As Seen on Ancestry.com

I recently saw this message posted on an Ancestry user’s profile page:

“Do not contact me if you are not willing to share … I HAVE HAD IT UP TO HERE WITH THE MESSAGES FROM PRIVATE TREES”

Bravo

I mean, really, it can be annoying as anything to have someone reach out and request family history information—only to golem it away.

It’s about sharing information and exchanging facts, not genealogical vampirism. Which, honestly, it is when someone takes more than they give, if they give anything. Open-minded, generous and enthusiastic researchers will eventually fatigue of the ask.

The result is the above message, which truly resonates with me, and surely others.

That said, are there are valid reasons that folks have their family tree in private mode in the first place:

1. Privacy protection for the living and the dead. Let’s face it, as interesting and intriguing as family history searching can be, many times there are details of the family dynamic that people would rather not publicize.

2. Proprietary information. Hobby for many, capital venture for others. Some researchers want to protect their interests as they research. It helps to know that the basics of a family tree cannot be copyrighted, per law. However, stories and narratives crafted around family trees can be protected under a copyright.

3. Unsure of the information attached to trees. Sometimes users and researchers alike will create family trees purely out of speculation. Because public trees will be copied over and over, it behooves a user to make sure that all of their research is accurate. As a preventative measure, sometimes folks will just keep their research tree private.

4. Just not willing to share-would rather not collaborate-wants a singular experience on Ancestry. I get it. I really do. Ancestry is not a social media platform. People visit the site to learn and reflect on their families. They are looking for the readily available information that Ancestry’s thought-provoking ads tout. They’re not looking for a new best friend, or even a long “lost” (or get lost) relative. Understandable.

And yet, for all of the above reasons and more, the same reticent users of Ancestry hold no qualms about devouring each and every carefully curated corner of your public family tree.

Is it even worth it? Yes. I say that as an Ancestry user/enthusiast who has toggled between having a public then private then public then unsearchable now public Ancestry family tree. While my tree was private, I always sent out invites to those who requested and I always shared information. However it’s done, just know that the information that you share will be the information that you receive, just many times over.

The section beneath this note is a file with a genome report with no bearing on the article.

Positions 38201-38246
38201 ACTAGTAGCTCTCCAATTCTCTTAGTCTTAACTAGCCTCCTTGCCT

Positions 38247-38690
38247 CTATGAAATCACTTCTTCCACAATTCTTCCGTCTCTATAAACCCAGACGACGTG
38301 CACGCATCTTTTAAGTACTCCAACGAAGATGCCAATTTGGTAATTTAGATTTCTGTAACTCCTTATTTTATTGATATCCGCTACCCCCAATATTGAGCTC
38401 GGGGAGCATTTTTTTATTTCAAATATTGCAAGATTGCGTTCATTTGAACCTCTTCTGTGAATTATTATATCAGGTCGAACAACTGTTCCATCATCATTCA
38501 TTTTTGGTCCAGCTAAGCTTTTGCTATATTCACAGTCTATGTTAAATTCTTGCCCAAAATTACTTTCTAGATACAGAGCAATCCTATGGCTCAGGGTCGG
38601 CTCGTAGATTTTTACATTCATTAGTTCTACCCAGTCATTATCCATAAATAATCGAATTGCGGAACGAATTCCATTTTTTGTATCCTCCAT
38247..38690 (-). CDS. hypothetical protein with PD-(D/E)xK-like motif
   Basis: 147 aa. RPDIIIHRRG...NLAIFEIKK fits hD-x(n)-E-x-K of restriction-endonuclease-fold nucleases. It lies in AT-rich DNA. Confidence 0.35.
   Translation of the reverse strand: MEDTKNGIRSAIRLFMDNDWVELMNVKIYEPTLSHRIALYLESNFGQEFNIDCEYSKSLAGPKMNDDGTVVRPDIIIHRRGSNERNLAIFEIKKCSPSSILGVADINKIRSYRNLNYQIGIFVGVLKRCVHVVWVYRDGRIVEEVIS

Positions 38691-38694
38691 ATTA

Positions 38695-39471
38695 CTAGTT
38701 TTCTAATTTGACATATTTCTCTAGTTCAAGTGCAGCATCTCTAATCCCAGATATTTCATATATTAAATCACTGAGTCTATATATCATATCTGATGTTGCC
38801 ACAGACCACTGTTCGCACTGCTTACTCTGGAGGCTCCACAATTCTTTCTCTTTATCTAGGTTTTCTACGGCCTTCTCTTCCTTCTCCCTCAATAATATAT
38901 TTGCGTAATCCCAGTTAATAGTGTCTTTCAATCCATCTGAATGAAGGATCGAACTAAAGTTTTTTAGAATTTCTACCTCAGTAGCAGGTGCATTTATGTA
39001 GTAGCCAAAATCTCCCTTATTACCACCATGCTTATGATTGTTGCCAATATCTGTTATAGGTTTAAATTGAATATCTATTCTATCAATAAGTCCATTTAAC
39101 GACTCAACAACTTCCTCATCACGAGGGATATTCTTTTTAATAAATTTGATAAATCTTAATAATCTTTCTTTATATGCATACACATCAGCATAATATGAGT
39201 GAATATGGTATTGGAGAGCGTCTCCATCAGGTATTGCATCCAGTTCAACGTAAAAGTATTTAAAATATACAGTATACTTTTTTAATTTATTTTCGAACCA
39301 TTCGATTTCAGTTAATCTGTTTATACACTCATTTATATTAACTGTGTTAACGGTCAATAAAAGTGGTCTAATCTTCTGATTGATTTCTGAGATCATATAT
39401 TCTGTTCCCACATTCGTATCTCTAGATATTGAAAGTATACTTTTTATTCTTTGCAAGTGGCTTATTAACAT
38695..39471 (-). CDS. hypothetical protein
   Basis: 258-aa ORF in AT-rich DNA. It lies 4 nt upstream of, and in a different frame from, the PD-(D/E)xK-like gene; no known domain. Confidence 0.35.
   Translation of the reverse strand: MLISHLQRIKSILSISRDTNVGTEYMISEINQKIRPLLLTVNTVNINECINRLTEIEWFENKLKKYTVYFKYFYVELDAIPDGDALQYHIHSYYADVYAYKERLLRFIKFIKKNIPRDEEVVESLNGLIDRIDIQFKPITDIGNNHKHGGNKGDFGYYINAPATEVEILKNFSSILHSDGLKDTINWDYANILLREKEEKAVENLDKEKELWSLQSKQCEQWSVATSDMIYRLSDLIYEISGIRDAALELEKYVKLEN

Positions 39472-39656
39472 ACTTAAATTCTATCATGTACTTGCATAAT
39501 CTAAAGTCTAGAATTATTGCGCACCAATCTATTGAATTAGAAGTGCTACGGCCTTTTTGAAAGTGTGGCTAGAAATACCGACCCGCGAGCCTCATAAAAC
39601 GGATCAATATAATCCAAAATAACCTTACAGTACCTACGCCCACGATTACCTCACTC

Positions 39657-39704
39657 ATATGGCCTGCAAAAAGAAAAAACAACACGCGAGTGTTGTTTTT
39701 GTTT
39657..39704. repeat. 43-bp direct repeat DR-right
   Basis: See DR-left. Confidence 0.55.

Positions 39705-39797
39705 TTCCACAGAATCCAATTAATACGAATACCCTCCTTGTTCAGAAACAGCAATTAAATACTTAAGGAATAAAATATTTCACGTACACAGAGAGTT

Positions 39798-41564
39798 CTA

Oh yes, Virginia, there is a genealogical “karma” and it’s a wonderful thing to receive random acts of genealogical kindness after you’ve shown some. It’s happened to me time and time again.

Still, for those who are cautious about having a public family tree, for whatever reason, consider workarounds. Maybe you can create a separate public family tree that only shares the information that you are comfortable with sharing. Perhaps focusing on one family line will be encouragement to reach out to someone who may be able to exchange more information with you. That’s rather than tackling everything at once. Also, consider delegating the maintenance of a family tree to someone in the family who is more inclined to reach out and exchange family history with other users/researchers.

Just things to consider.

As we all journey to learn more about our family histories we will have trials and errors, things that we wished we would’ve done differently. One thing that I personally have never come to regret is the sharing of information. Even if not returned or reciprocated by the intended, please believe that you, like I have, will reap the reward of discovery.

Just know that some people have had it up to HERE…

The Genealogy Situation Room

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